Battleships & Bathtubs
This week's initial claims data brings the "streak" of good news to three weeks, and almost a trend makes. Notably, this week's improvement is the strongest we've seen YTD. The year-over-year change in non-seasonally adjusted initial claims came in at -16.4%, a sharp acceleration vs the prior week's 7.1% improvement and the previous week's 13.2% improvement. That brought the 4-wk moving average to -10.7%, as compared with -7.5% and -7.1% in the preceding two weeks. Remember, a more negative number is better as it reflects a faster rate of improvement.
The weather has been a much-maligned scapegoat for softening labor data through the first 2-3 months of 2014. While we may never know the full extent of the role weather played, it stands to reason that if, in fact, weather was at least partly to blame for softness in Jan/Feb then we would expect to see improvement by late March/April, and that is exactly what we're seeing. Coincidence? Possibly, but it's worth considering. As my colleague Christian Drake, on our macro team, reminded me this morning: the labor market is a battleship and turns very slowly, but is subject to lots of short/intermediate term distortions. #Indeed.
Capital One (COF)
Our favorite way to play this rebound in the labor market remains Capital One (COF). We continue to think the company is poised to beat the quarter - they report next Thursday before the open - and the seasonal pattern of outperformance from late January to early July is strong. Unsecured consumer lenders like Cap One are high-beta plays on claims because with only nominal loan growth, stable margins and expenses the one lever the company has is credit, and claims has always been the best leading indicator for credit.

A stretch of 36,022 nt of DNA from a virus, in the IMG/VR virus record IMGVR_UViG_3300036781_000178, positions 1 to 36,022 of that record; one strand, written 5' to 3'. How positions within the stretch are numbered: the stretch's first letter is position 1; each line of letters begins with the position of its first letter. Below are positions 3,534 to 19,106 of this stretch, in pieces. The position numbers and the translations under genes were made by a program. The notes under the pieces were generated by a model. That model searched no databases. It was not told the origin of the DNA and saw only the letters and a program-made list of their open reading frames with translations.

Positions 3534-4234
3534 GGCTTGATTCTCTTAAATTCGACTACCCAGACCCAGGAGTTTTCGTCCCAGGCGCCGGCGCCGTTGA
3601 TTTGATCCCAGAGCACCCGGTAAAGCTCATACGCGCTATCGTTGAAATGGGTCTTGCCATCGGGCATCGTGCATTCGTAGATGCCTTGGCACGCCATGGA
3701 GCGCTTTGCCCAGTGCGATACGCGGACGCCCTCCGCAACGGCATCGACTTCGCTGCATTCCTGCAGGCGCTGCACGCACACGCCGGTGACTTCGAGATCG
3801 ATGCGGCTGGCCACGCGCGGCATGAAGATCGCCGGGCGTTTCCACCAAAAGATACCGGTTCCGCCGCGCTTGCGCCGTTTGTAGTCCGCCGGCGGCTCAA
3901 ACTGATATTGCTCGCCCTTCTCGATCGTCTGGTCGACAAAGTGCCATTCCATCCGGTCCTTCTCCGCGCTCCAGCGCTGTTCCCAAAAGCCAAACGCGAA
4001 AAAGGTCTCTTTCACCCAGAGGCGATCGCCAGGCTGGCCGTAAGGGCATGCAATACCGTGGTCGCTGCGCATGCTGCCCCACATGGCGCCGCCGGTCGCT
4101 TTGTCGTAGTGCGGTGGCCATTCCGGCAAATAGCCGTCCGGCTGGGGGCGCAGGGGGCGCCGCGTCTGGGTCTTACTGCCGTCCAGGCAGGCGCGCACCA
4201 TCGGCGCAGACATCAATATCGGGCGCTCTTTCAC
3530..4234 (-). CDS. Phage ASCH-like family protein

Prior to revision, initial jobless claims fell 26k to 300k from 326k WoW, as the prior week's number was revised up by 6k to 332k.
The headline (unrevised) number shows claims were lower by 32k WoW. Meanwhile, the 4-week rolling average of seasonally-adjusted claims fell -3.75k WoW to 315.75k.
The 4-week rolling average of NSA claims, which we consider a more accurate representation of the underlying labor market trend, was -10.7% lower YoY, which is a sequential improvement versus the previous week's YoY change of -7.5%
The 2-10 spread fell -3 basis points WoW to 233 bps. 2Q14TD, the 2-10 spread is averaging 232 bps, which is lower by -7 bps relative to 1Q14.
Joshua Steiner, CFA
Jonathan Casteleyn, CFA, CMT